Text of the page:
Sometimes strong relationships and excellent service make us look the other way, ignoring the risk right in front of us.
The danger doesn’t stop with ownership. Succession planning includes the entire pipeline, in executive leadership and across all functions. Successful succession planning minimizes disruptions when key people leave. Companies often fail to address the talent pipeline, ignoring the development of high potential employees until it is too late. There needs to be a plan for a well-executed handoff of responsibilities to keep the operation humming.
Here are five questions that you might want to address with suppliers in a periodic review.
- What are your plans for the long-term viability of your business?
- How confident are you that your organization’s talent pipeline is sufficient for your future leadership needs?
- What is your annual employee turnover number?
- How many of your leaders are within five years of retirement?
- What do you consider the primary obstacle for succession?
Of course, suppliers are under no obligation to tell you about their future plans. They may provide little to no notice before ceasing operations or making significant leadership changes. They want to keep your business for as long as possible. Savvy buyers may see signals that get their attention, including innocuous comments by company leadership, changes in supplier performance due to management changes or the loss of key employees.
Sometimes notice comes during a visit.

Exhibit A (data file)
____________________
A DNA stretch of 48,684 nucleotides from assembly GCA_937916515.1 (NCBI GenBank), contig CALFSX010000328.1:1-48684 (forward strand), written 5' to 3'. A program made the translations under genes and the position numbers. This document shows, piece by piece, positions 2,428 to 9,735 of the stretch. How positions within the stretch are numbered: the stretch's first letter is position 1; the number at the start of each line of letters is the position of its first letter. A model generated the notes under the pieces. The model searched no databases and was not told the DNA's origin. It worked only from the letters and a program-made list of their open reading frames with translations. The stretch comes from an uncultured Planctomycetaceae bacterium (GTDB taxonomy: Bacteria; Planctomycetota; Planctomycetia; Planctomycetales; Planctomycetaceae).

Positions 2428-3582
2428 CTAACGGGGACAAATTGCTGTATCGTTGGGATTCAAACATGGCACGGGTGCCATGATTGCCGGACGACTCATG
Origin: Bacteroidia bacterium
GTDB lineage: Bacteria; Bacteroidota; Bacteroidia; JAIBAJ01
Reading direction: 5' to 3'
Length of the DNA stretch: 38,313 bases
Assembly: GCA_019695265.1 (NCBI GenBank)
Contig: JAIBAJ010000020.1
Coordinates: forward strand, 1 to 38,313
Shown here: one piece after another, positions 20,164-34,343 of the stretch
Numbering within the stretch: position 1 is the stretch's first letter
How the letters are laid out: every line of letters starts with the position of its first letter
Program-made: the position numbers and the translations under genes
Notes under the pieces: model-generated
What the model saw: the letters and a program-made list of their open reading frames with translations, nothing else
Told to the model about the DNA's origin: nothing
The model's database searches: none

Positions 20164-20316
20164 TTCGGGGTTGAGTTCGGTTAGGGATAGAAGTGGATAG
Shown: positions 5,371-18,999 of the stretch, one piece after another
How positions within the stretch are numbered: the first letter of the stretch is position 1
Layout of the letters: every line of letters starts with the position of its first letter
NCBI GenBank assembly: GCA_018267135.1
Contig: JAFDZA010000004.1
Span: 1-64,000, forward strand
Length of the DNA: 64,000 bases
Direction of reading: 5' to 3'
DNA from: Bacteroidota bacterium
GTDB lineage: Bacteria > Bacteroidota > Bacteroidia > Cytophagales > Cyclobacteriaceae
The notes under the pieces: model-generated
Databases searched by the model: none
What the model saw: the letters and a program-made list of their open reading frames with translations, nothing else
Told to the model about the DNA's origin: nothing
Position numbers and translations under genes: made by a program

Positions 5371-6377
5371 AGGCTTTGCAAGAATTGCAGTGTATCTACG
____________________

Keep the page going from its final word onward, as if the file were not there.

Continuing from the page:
Ollie was the owner of a small local machine shop that flawlessly handled all of the engineering prototypes and initial production runs for my company. Ollie’s shop was a second home to engineers. Over the years, his performance won several MVS (Most Valuable Supplier) awards.
He plopped down in the chair in front of my desk and sighed, complaining of some recurring back pain and an upcoming appointment with his cardiologist. Ollie also mentioned his oldest daughter, the current general manager, had decided to go back to school and get her teacher’s license. He also bragged about having just winterized his lakefront cottage and his purchase of a new boat.
"Ollie, if I didn’t know better, I’d say that with all these changes you are about to close your doors and move to the mountains," I said nervously.
He replied, "My business has quietly been for sale for the past 6 months and I didn’t have the heart to tell you. If I don’t have a buyer by the end of the month, I’m hanging out the ‘gone fishing’ sign."
As for Ollie, there was no buyer, and he closed his doors about a year later. Loyal to the end, he kept his shop going until a new prototype supplier was found and the engineers were comfortable. He also kept his production line going to make sure all the parts he manufactured had new qualified sources. Ollie also had an aging workforce, all moving on to their next chapters together.
In hindsight, we all knew Ollie’s company couldn’t last forever, especially noticing the business taking a toll on his health. But we wanted it to. Sometimes strong relationships and excellent service make us look the other way, ignoring the risk right in front of us.
This story was first published in our weekly newsletter, Supply Chain Dive: Procurement. Sign up here.